LAST week, the Cambrian News highlighted an overcrowded and miserable train journey endured by passengers on a service between Birmingham and Aberystwyth. This week, this Trainspotting column is highlighting two more days of terrible train service from Transport for Wales. There were more than two, but there’s only room for two here...
Just when you thought it couldn’t get much worse, it does. TfW is the gift that keeps on giving, heaping ever more misery on passengers with each passing day.
And as always, despite our best efforts at the Cambrian News to call out TfW for its abysmal service, there is nothing but silence from this shambles of a Welsh Government agency.
Our first tale of rail misery this week goes back to Sunday, 12 July, when two trains from Aberystwyth were cancelled — leaving passengers to schlep it to Mach on the bus.
On the 4.06pm service from Mach there was, of course, only two carriages. Dream on if you wanted a trolley service to quench the thirst of holidaymakers from Barmouth or students from Aber. And as we have come to expect, there was no air conditioning either — just two airless overcrowded coaches.
As bad as that was, things got even worse from Shrewsbury to Birmingham. Standing room only — is there anything else on these trains? — bikes and wheelchairs fighting with suitcases. The poor staff who must work these trains are heroes. This column’s words are not aimed at them, but at the useless twits who mismanaged the bigger picture.
On this service, the staff tried to pass out free water from the rear of the small train. The Cambrian News must wonder aloud why their respective unions aren’t demanding urgent health and safety reviews for the beleaguered staff, if not the fare-paying passengers enduring this TfW-inflicted misery. TfW never fails to come up short.
Here’s what happened the next day, 11 July on the 14:06 train “service” from Birmingham International Airport to Aberystwyth.
The train did depart on time. That’s the good news — the only bit of good news.
Of course, the service was only made up of two carriages. Anything else would deserve a positive mention but, as you’ve guessed by now, TfW doesn’t do “positive” — nor does it react to the “negative” either.
By the time the little train reached Birmingham New Street, huge numbers clambered on with their luggage and suitcases. So, don’t feel left out: TfW treats Midlands commuters, shoppers and those many returning students to Aber with the same level of disdain as it does the rest of us minions farther west along the line. By the time the choo-choo chugged into Wellington and Telford, things went from bad to worse. A normal journey then by TfW standards...
Aha — but not so quick. Those folks at TfW know how to throw a spanner in the works, making things go from worse to worser as it were. And yes, we’re sure the worst is yet to come from TfW...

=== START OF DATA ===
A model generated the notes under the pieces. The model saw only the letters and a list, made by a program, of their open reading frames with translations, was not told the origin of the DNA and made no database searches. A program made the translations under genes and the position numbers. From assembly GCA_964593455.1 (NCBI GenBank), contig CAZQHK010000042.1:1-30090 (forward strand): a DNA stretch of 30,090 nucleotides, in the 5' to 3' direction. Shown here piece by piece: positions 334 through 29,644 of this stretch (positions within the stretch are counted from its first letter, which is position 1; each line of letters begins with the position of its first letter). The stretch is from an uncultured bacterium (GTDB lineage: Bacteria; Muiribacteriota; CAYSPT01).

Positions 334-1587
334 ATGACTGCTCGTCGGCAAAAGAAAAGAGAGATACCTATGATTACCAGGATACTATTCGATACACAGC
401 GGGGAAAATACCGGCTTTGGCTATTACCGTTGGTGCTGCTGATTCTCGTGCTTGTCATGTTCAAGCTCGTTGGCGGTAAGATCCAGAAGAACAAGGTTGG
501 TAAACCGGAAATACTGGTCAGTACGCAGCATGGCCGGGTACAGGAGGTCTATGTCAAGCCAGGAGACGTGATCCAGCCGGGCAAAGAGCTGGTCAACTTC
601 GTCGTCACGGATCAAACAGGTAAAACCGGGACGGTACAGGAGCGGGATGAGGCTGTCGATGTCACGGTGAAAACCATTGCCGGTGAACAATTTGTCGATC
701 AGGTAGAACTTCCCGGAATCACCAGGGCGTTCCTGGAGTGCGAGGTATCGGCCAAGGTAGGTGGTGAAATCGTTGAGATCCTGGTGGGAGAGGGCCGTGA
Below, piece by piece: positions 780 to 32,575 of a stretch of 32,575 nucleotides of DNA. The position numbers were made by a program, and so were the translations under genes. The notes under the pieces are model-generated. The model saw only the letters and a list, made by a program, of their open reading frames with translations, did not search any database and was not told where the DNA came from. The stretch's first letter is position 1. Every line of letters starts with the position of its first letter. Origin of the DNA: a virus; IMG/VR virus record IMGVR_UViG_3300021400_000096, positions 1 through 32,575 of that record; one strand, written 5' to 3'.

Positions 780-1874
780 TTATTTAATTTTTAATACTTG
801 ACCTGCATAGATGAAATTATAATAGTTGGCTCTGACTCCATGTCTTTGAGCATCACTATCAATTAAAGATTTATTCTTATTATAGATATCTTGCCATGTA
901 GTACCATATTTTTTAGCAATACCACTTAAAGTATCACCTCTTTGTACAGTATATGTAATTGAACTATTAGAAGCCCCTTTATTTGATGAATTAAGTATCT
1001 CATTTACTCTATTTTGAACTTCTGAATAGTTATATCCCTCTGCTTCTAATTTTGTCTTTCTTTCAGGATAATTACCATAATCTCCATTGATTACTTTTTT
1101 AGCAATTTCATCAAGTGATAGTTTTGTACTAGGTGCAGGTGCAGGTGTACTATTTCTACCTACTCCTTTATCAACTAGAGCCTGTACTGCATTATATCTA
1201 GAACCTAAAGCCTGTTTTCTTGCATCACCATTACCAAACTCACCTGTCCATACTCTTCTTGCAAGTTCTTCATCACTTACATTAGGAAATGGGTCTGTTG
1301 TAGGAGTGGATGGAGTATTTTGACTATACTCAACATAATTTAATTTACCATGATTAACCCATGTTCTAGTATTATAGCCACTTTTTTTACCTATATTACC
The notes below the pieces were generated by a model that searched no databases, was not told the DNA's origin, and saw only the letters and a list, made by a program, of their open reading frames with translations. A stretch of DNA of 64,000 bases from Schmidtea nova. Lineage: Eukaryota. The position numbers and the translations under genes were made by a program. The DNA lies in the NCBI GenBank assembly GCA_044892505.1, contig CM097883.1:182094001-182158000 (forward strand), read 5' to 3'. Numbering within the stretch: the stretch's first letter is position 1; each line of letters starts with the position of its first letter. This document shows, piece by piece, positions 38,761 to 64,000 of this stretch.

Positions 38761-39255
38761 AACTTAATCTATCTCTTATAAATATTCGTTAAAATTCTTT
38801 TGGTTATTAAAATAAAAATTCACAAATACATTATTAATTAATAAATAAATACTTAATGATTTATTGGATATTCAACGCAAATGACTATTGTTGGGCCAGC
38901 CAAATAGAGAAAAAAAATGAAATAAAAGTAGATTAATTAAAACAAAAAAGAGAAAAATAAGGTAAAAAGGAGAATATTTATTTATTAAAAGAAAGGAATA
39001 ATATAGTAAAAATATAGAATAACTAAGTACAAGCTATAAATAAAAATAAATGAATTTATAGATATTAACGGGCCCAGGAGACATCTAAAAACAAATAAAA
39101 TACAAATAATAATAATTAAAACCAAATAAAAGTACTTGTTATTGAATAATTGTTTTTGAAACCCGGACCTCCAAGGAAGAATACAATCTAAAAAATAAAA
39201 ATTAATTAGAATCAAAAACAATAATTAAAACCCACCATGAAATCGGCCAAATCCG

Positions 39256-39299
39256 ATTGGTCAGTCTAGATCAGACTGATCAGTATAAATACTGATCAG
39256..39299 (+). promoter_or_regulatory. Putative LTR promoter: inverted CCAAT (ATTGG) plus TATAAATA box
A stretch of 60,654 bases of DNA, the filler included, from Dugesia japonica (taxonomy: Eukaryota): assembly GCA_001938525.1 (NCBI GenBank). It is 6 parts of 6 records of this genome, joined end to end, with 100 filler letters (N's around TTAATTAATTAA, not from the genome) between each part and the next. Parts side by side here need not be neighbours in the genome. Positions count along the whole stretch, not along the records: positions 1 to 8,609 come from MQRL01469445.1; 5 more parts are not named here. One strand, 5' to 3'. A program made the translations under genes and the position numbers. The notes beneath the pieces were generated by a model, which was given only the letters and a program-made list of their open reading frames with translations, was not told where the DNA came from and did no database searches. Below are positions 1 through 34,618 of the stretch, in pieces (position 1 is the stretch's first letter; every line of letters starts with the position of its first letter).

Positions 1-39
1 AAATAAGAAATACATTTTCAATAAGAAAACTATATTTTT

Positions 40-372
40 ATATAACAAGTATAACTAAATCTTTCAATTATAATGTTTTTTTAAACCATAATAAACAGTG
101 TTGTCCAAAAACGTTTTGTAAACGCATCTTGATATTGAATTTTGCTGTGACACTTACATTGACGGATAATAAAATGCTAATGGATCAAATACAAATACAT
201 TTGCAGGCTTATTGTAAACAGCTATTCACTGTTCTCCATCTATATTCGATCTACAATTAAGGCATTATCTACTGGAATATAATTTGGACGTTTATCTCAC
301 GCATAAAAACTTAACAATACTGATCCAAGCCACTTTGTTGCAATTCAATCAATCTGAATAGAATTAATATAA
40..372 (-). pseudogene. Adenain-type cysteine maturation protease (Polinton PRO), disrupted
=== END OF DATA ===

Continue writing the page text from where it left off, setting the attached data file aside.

Come Shrewsbury, everyone was ordered to disembark and head over to Platform 3 — with a couple of down and up flights of stairs thrown in for good measure. The reward for that lung-busting quick change was a four-carriage train with Aber passengers told to board the front two carriages; Barmouth and Pwllheli-bound travellers to board the rear two carriages.
And yes, true to TfW form, the train left Shrewsbury late.
But things got really interesting near Caersws — the train slowed up and then stopped completely. The driver announced no less than four problems — an overheated engine, some buckled rail, overheated rails, and a signal failure — all good enough for a 20-minute delay.
The train eventually resumed its journey.
All good? Nope, not on your nelly.
After 10 minutes, the driver announced that all passengers in the front two carriages — those for Aberystwyth — should move to rear two carriages ... and passengers for Pwllheli should move to the front two.
Farcical scenes as everyone in the crowded, moving carriages tried to swap with all their luggage as the train rushed downhill towards Machynlleth.
There is no word on whether this TfW shuffle is to be included in the next Olympics — and we’re not holding our breath for the TfW press release either...
At Mach, the Pwllheli front two carriages trundled away while the Aber-bound rabble waited.
And waited. And waited some more. One of those nice TfW local staffers came on board to suggest passengers might like to stretch their legs as the train would not depart for at least 20 more minutes. The Mach depot staff are trumps.
Rest assured, dear readers, the train did eventually make it Aberystwyth. It arrived at 18:40 – 90 minutes late for a journey scheduled to take 110 minutes in total.
And rest assured too, the chaos continued as more hoards tried to board the little two carriages back to Shrewsbury…
And of course, TfW would love to hear your experiences... but just tell them to me first.
Shaming these clowns seems to be the only way now we’ll get things fixed. Your elected public representatives along this mess of a mid Wales and Cambrian rail line seem unable — or unwilling — to help.
If you’d like to help shape how that may look and secure some free credits if we do go live then please register here.
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